You Can Do It! (Brake Edition)

In my last post I touched on how my front brake has given up the ghost.  I put it off for a little while but was getting really itchy when I couldn’t get out and ride my bike.  True, I did one trip out and used Ryan’s hardtail and then swapped it for our friend’s full suspension downhill monster bike (talk about opposite ends of the spectrum!).  Both were fun but I was on new trails and I was missing poor Jenny.  It was time to take the matter into my own hands!

I decided that I had enough money to replace just the front brake.  I would’ve loved to do both at the same time but I’ll have to wait a bit on that I think.  I was also super keen to put my new mechanic skills to the test and actually take it home and install it myself.

This journey starts with a bit of research but I decided which kind of brake I wanted and headed into the shop.  My history with bike shops has been pretty good, actually, but I’ve found that I spent a lot of time beforehand studying what to say and how to say it to make it seem like I have some idea of what I’m talking about.  Mostly I’ve just given up on that endeavour as it’s always better to just admit when you don’t know something and ask for help, but I still get a bit nervous that I’ll be looked down upon for my ignorance.  I headed into Dunbar Cycles and, luckily, was mostly just tired having come from work and didn’t have time to feel nervous.  I walked up to the service desk and, astoundingly, found myself saying words like I knew what I was talking about…. wait a minute… I DID know what I was talking about!  There wasn’t a panicked text to someone about a question I didn’t know how to answer or even much of a pause in the conversation for me to think!  Honestly, it felt so good to be asked a question and know exactly what the answer is.  It’s quite the turning point in my biking career and I loved the feeling of it!  Hell yeah I can tell you about my bike and its parts!

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So I get the brake home and look at it.  It looks familiar.  There’s nothing too foreign about it in comparison to the brake I had already.  I can do this!  I must say without help of Ryan OR Youtube I changed the pads (swapped organic for metallic), changed out my rotor for a gently used one, installed the brake, routed the cable properly, and got the lever on in the right spot.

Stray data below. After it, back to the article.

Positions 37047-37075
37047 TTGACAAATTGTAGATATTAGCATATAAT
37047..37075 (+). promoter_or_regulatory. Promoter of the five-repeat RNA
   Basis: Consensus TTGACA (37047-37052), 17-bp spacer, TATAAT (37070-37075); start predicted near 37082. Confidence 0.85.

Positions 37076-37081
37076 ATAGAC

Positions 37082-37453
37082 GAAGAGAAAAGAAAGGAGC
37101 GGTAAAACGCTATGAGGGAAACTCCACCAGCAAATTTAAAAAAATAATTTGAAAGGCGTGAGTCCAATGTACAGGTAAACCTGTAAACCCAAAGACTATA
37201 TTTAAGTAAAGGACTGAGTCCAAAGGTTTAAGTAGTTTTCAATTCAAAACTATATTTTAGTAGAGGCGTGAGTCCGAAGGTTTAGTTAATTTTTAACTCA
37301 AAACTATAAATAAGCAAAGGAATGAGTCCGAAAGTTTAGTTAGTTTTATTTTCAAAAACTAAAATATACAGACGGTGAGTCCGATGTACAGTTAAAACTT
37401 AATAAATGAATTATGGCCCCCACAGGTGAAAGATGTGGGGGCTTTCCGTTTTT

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I must say the moment I put the wheel back on I was holding my breath a little bit, worried it would somehow not fit… or explode… or something dramatic that ruins my entire bike. But it slid right in, fit like a glove and I felt so proud that I used what I’ve learned and that I have the confidence to just tackle it without second guessing myself (too much)!

I’ve already taken it out for a ride and had a blast.  It took about half a lap for me to get used to it but after that it felt totally fine.  I think it may need a bleed so I’m going to get a kit and do it myself rather than go to the shop.  I’ve got this!

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I know sometimes these things can feel incredibly daunting and intricate.  It feels like somehow you’re going to do one little thing that will absolutely ruin the entire mechanism or even bike itself.  My only advice for people like me who get nervous about this stuff to seek out and take a bike maintenance course.  If you’re in BC and can make it to Abbotsford, I really do recommend taking the UFV Bicycle Mechanic course like I did.  I feel so much more confident because I got to play with bikes, screw up, realize it wasn’t a big deal, and learned how to fix what I’d done.  That alone is worth so, so much.

What about you folks?  What are your home mechanic victories?